The International Energy Agency’s Energy Efficiency 2020 report says the global rate measuring how efficiently the world’s economic activity is using energy will improve by less than 1% this year, the weakest since 2010.
This weak progress deepens the challenges of meeting international energy and climate goals and makes the next three years a critical period for reversing the worrying trends, says the new report.
The already sluggish pace of global process on energy efficiency is set to slow even further this year as a result of the economic impact of the COVID-19 crises.
The report says overall investment in energy efficiency worldwide is on course to fall by 9% in 2020. This less than 1% improvement is well below the level of progress needed to achieve the world’s shared goals for addressing climate change, reducing air pollution and increasing access to energy.
The report says disappointing trends are being exacerbated by a decrease in investments into energy-efficient buildings, equipment and vehicles amid the economic crises triggered by the global crises.
Purchases of new cars, which are more efficient than old cars, has slowed. Construction of new, more energy-efficient homes and commercial buildings is also expected to decelerate. In industrial and commercial buildings, lower energy prices have extended payback periods for key efficiency measures by as much as 40%. This reduces its attractiveness compared to other investments.
Energy efficiency measures could drive economic growth and job creation
IEA executive director Dr Fatih Birol: “Together with renewables, energy efficiency is one of the mainstays of global efforts to reach energy and climate goals. While our recent analysis shows encouraging momentum for renewables, I’m very concerned that improvements in global energy efficiency are now at their slowest rate in a decade.
“For governments that are serious about boosting energy efficiency, the litmus test will be the amount of resources they devote to it in their economic recovery packages, where efficiency measures can help drive economic growth and job creation.”
The IEA believes improvements in energy efficiency could contribute around half of the reduction in energy-related greenhouse gas emissions needed over the next 20 years to put the world on the path to meeting international energy climate goals.
However, short-term trends resulting from the COVID-19 crises are slowing improvements in the energy intensity of the world’s economy. This means every unit of economic output uses more energy than it would do otherwise. This mainly seems to be because energy-intensive industries such as metals manufacturing and chemicals, appear to have been less severely affected by the crises than other, less energy-intensive parts of the economy.
The stimulus packages governments are introducing as part of their economic recovery plans will heavily influence future efficiency trends. These packages have the potential to drive investments and structural changes that can reduce energy intensity across all sectors of the world’s economy.
More than 60% of the funding for energy efficiency-related measures in stimulus packages announced by governments to date has focused on either the buildings sector or on accelerating the shift to electric vehicles. This includes creating new vehicle charging infrastructure.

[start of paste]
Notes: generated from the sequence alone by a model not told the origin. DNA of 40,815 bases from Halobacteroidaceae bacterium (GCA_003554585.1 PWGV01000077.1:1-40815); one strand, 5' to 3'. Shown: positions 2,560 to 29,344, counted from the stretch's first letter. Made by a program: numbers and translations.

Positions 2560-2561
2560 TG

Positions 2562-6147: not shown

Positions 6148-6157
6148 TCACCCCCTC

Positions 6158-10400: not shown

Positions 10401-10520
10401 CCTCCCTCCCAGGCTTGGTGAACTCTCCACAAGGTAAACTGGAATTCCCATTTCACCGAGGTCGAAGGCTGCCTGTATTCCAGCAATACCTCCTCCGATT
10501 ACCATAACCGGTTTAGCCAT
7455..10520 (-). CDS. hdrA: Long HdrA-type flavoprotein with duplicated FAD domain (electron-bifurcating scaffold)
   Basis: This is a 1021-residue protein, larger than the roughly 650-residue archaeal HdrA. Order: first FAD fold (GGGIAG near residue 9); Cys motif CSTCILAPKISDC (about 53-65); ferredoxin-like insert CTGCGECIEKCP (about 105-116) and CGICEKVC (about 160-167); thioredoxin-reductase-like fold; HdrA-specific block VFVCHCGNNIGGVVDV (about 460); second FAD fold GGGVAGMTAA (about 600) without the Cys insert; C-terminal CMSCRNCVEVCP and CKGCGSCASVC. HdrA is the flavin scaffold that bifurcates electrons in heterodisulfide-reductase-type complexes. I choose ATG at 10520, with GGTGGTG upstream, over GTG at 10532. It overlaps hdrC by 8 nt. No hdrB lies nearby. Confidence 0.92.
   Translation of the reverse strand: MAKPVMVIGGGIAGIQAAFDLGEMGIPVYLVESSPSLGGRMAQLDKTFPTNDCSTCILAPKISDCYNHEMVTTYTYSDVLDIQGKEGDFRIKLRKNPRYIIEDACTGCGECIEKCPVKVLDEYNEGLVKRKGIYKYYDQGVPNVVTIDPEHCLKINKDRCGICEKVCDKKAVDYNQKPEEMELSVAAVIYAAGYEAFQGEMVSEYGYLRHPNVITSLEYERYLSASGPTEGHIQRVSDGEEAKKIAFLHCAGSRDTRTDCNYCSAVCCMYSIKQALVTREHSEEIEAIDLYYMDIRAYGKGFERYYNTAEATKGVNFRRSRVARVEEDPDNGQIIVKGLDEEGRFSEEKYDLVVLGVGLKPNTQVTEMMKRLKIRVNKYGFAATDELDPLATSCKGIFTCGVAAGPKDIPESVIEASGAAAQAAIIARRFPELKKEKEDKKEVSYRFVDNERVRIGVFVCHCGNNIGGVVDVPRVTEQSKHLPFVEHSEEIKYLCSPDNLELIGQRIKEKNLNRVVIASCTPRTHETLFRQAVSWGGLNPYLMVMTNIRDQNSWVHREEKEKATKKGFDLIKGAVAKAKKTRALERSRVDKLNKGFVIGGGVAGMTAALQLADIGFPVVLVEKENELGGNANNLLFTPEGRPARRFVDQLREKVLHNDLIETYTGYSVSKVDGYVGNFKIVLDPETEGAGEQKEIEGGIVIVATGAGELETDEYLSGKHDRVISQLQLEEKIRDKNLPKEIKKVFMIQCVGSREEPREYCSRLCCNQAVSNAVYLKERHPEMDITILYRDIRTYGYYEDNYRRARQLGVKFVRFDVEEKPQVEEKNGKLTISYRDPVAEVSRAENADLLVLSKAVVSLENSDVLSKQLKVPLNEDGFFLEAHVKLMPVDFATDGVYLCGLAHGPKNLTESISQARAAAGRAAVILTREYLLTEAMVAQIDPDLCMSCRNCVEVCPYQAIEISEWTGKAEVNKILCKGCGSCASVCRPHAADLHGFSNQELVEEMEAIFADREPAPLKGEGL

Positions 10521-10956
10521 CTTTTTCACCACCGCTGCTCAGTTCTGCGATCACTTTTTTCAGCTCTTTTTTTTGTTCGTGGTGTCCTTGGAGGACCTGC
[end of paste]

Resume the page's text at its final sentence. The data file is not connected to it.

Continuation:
Global government spend on energy efficiency measures is uneven and not enough
Still, many opportunities remain untapped. IEA’s tracking shows a spending imbalance across sectors. No announcements have been made to increase the penetration of super-efficient appliances, while spending on vehicle efficiency other than electric vehicles is minimal.
The planned spending is marked by a vast imbalance. Announcements by European countries dwarf those from other parts of the world. Announced spending in Europe accounts for 86% of global public stimulus announcements regarding energy efficiency. The remaining 14% is split between the Asia-Pacific region and North America.
Birol said the EIA welcome plans by governments to boost spending on energy efficiency but what they see is uneven and far from enough. “Energy efficiency should be at the top of to-do lists for governments pursuing a sustainable recovery. It is a jobs machine, it gets economic activity going, it saves consumers money, it modernises vital infrastructure and reduces emissions. There’s no excuse not to put far more resources behind it.”
The IEA Energy Efficiency 2020 analysis says spending on efficiency-related stimulus measures announced by governments worldwide to date is set to generate almost 2 million full-time jobs between 2021 and 2023, mostly in the European buildings sector. The IEA’s Sustainable Recovery Plan though suggest further recovery efforts related to energy efficiency could create another 4 million jobs globally. This can be done through enhanced public and private sector investment in buildings, transport and industry.
You can track real-time data on approved public finance and policy measures targeting energy generation and consumption to stimulate economies in response to the COVID-19 pandemic at the International Institute for Sustainable Development’s Energy Policy Tracker online.